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A wealth management advisor’s guide to college savings accounts

It’s never too early – or too late – to take every wealth management advisor’s advice and start saving for college. Whether you’re saving for your child, a grandchild, or yourself, you have some options that carry different levels of benefits and risks.

College savings plans are becoming more important as unsecured educational debt levels continue to rise. The Financial Planning Association reported at the end of 2021 that college debt has grown to an unsustainable $1.7 trillion, a sum that surpasses all other types of personal debt. Saving for college is a must, in order to avoid years of payments after graduation.

Here’s a quick run-down of some of the most popular college savings plans and how they might work for you. Not sure how much you’ll need to save for college? Here’s a calculator that can help you plan for one child or multiple children.

529 Plan

Every state and the District of Columbia offer 529 Plans, the most common type of college savings account. But, don’t let the word “savings” fool you – a 529 Plan is an investment account and is therefore not without some risk. Just ask anyone who has one of these plans today (or any wealth management advisor who is currently wringing their hands about client accounts).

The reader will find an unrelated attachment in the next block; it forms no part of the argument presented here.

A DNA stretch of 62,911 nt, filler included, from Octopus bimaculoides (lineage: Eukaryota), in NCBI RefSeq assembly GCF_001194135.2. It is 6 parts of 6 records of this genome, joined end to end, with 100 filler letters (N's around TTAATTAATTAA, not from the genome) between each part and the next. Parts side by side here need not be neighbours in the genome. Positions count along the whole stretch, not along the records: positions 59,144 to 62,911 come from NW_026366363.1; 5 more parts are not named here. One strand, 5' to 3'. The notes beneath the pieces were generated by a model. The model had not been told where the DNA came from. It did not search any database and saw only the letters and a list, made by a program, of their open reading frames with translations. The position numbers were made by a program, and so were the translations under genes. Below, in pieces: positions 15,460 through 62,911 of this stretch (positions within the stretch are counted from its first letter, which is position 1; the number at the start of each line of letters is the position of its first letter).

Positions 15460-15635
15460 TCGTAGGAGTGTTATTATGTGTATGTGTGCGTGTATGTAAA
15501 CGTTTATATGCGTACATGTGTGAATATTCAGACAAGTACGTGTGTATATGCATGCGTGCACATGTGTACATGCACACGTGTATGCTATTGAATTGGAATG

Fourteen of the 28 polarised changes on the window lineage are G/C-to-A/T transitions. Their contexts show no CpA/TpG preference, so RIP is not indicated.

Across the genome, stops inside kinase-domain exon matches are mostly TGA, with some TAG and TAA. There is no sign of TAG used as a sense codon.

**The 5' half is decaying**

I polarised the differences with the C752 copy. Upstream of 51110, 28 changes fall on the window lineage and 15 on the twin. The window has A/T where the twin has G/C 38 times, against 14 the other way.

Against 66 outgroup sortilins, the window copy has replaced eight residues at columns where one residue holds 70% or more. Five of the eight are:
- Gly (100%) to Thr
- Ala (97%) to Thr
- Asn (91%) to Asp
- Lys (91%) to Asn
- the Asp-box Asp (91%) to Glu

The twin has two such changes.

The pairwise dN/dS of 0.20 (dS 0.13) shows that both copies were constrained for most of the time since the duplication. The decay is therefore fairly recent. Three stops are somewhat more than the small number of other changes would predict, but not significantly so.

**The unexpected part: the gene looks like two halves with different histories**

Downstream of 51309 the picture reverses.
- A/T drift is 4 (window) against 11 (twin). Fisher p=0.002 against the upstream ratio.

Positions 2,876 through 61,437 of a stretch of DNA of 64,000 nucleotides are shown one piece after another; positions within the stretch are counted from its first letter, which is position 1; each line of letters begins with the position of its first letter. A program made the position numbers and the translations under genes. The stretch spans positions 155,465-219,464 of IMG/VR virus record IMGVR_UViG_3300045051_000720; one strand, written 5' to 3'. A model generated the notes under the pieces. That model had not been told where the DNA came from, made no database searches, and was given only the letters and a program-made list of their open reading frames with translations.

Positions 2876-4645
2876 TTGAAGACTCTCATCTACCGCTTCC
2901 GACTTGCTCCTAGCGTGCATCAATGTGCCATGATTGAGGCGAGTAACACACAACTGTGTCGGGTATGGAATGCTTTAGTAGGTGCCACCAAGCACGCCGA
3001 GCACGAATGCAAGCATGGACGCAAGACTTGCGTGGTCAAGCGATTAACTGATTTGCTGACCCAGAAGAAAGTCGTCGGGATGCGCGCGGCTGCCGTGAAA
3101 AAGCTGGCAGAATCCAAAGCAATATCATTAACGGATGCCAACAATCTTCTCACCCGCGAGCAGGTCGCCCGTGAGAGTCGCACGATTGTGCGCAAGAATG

529 Plan quick breakdown:

  • A 529 Plan is a managed investment portfolio that looks different depending on which state (or private) plan you use. Find out if your state offers tax incentives for 529 Plans using this tool.
  • You can choose to invest in any state’s 529 Plan, no matter where you live.
  • Contributions to the plan are made with post-tax funds.
  • Returns on 529 Plan investments are exempt from Federal taxes.
  • Withdrawals used for qualified expenses (tuition and fees, room and board for at least half-time students, books and supplies, and transportation) are tax-free.
  • Non-qualified withdrawals are subject to federal income taxes and the potential for a 10% penalty on the portion of funds considered capital gains.
  • 529 Plans are typically used for college, but can also be used for private secondary education expenses.
  • Qualified Higher Education Expenses (QHEE) are determined by using the school’s Cost of Attendance (COA) and subtracting any grants, scholarships, and tax-free assistance.
  • A beneficiary can be changed, so if one child doesn’t use the entire sum, another child, grandchild, niece, or nephew could be named as the new beneficiary.

Pros: A 529 Plan offers tax savings benefits when it’s used for approved educational expenses in the school year in which the expenses were incurred. Add to that the opportunity to build funds through market growth, and it’s usually a sound option for education savings with minimal risk.

Cons: 529 withdrawals can get sticky if you wait to pay December’s spring tuition bill in January, when they’re typically due. Stick to the rules if you’re using funds from a 529 Plan and pay in the calendar (tax) year you make the withdrawal, or you could face hefty taxes and penalties. Make sure you’re using funds for approved expenses, or you’ll face the same fate.

Check out this word of caution from Schwab if you’re investing in a 529 Plan for a grandchild. Ask your wealth management advisor if this is the right move for you.